Various styles of music are popular in the UK from the indigenous folk music of England, Wales, Scotland and Northern Ireland to heavy metal. Notable composers of classical music from the United Kingdom and the countries that preceded it include William Byrd, Henry Purcell, Sir Edward Elgar, Gustav Holst, Sir Arthur Sullivan (most famous for working with the librettist Sir W. S. Gilbert), Ralph Vaughan Williams and Benjamin Britten, pioneer of modern British opera. Sir Harrison Birtwistle is one of the foremost living composers. The UK is also home to world-renowned symphonic orchestras and choruses such as the BBC Symphony Orchestra and the London Symphony Chorus. Notable conductors include Sir Simon Rattle, Sir John Barbirolli and Sir Malcolm Sargent. Some of the notable film score composers include John Barry, Clint Mansell, Mike Oldfield, John Powell, Craig Armstrong, David Arnold, John Murphy, Monty Norman and Harry Gregson-Williams. George Frideric Handel became a naturalised British citizen and wrote the British coronation anthem, while some of his best works, such as Messiah, were written in the English language. Andrew Lloyd Webber is a prolific composer of musical theatre. His works have dominated London's West End since the late 20th century and have also been a commercial success worldwide.
In 2013, approximately 208,000 foreign nationals were naturalised as British citizens, the highest number since records began in 1962. This figure fell to around 125,800 in 2014. Between 2009 and 2013, the average number of people granted British citizenship per year was 195,800. The main countries of previous nationality of those naturalised in 2014 were India, Pakistan, the Philippines, Nigeria, Bangladesh, Nepal, China, South Africa, Poland and Somalia. The total number of grants of settlement, which confers permanent residence in the UK without granting British citizenship, was approximately 154,700 in 2013, compared to 241,200 in 2010 and 129,800 in 2012.More Info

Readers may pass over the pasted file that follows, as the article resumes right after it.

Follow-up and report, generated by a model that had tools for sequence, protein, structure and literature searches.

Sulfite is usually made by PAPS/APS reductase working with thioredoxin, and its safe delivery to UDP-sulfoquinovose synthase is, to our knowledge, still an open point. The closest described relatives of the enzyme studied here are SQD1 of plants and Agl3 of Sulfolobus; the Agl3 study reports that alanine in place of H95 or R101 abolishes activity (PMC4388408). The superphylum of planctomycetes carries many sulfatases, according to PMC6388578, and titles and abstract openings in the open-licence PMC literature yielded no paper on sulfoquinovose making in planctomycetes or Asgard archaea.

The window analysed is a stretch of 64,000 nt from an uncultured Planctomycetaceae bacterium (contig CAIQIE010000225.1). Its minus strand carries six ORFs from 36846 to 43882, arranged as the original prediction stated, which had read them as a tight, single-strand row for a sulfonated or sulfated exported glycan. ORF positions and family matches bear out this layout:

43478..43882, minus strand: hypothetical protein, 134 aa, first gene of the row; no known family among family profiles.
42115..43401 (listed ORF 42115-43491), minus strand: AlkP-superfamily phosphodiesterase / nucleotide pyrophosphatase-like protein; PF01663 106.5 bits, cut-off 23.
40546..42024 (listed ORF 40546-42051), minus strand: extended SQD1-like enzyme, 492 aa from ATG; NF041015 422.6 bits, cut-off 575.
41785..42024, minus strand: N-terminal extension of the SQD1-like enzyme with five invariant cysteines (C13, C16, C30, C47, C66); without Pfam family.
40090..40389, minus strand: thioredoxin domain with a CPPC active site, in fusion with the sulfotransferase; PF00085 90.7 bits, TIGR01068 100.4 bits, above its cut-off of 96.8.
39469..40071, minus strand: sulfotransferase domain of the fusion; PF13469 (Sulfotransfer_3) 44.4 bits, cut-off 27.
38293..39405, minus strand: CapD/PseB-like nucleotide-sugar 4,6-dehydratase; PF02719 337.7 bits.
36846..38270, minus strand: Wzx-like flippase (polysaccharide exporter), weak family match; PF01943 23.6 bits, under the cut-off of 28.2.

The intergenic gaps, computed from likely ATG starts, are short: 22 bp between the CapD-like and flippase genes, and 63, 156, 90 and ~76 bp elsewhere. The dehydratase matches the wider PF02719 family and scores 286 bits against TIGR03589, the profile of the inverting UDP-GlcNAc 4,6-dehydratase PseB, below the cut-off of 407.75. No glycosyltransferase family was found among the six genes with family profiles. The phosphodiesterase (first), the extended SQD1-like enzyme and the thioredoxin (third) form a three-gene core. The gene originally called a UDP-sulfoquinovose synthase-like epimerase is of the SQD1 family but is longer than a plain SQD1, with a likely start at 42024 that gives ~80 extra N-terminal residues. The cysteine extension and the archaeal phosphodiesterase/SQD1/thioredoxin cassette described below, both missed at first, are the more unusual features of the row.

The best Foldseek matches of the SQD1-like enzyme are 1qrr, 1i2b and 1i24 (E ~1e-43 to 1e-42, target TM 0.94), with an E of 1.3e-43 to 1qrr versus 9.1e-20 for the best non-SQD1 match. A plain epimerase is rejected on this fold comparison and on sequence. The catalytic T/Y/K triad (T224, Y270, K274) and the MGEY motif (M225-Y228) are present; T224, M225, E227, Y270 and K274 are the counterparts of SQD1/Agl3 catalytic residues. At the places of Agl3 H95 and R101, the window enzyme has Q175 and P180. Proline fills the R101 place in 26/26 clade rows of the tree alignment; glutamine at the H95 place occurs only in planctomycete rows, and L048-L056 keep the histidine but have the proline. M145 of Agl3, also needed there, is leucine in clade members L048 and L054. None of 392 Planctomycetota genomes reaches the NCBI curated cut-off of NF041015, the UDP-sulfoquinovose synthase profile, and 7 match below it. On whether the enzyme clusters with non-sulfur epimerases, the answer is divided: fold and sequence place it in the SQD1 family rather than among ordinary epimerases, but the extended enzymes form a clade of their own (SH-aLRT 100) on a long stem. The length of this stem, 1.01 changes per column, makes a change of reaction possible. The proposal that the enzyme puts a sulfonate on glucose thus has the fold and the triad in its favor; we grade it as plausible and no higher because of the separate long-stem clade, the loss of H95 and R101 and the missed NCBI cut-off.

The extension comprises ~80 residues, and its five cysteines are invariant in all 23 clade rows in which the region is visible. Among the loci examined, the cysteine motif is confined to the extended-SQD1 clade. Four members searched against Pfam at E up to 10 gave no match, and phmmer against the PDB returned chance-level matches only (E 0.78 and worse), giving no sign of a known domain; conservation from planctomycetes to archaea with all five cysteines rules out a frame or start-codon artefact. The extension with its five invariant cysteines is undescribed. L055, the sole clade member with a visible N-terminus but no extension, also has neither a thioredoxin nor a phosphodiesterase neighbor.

There have been a number of authors whose origins were from outside the United Kingdom but who moved to the UK and became British. These include Joseph Conrad, T. S. Eliot, Kazuo Ishiguro and Sir Salman Rushdie. Others have chosen to live and work in the UK without taking up British citizenship, such as Ezra Pound. Historically, a number of Irish writers, living at a time when all of Ireland was part of the United Kingdom, also spent much of their working lives in England. These include Oscar Wilde, Bram Stoker and George Bernard Shaw.More Info
Scotland's contributions include the detective writer Arthur Conan Doyle (the creator of Sherlock Holmes), romantic literature by Sir Walter Scott, the children's writer J. M. Barrie, the epic adventures of Robert Louis Stevenson and the celebrated poet Robert Burns. More recently the modernist and nationalist Hugh MacDiarmid and Neil M. Gunn contributed to the Scottish Renaissance. A more grim outlook is found in Ian Rankin's stories and the psychological horror-comedy of Iain Banks. Scotland's capital, Edinburgh, was UNESCO's first worldwide City of Literature.More Info
The UK's de facto official language is English. It is estimated that 95 per cent of the UK's population are monolingual English speakers. 5.5 per cent of the population are estimated to speak languages brought to the UK as a result of relatively recent immigration. South Asian languages, including Punjabi, Hindi, Bengali and Gujarati, are the largest grouping and are spoken by 2.7 per cent of the UK population. According to the 2011 census, Polish has become the second-largest language spoken in England and has 546,000 speakers. In 2019, some three quarters of a million people spoke little or no English.More Info
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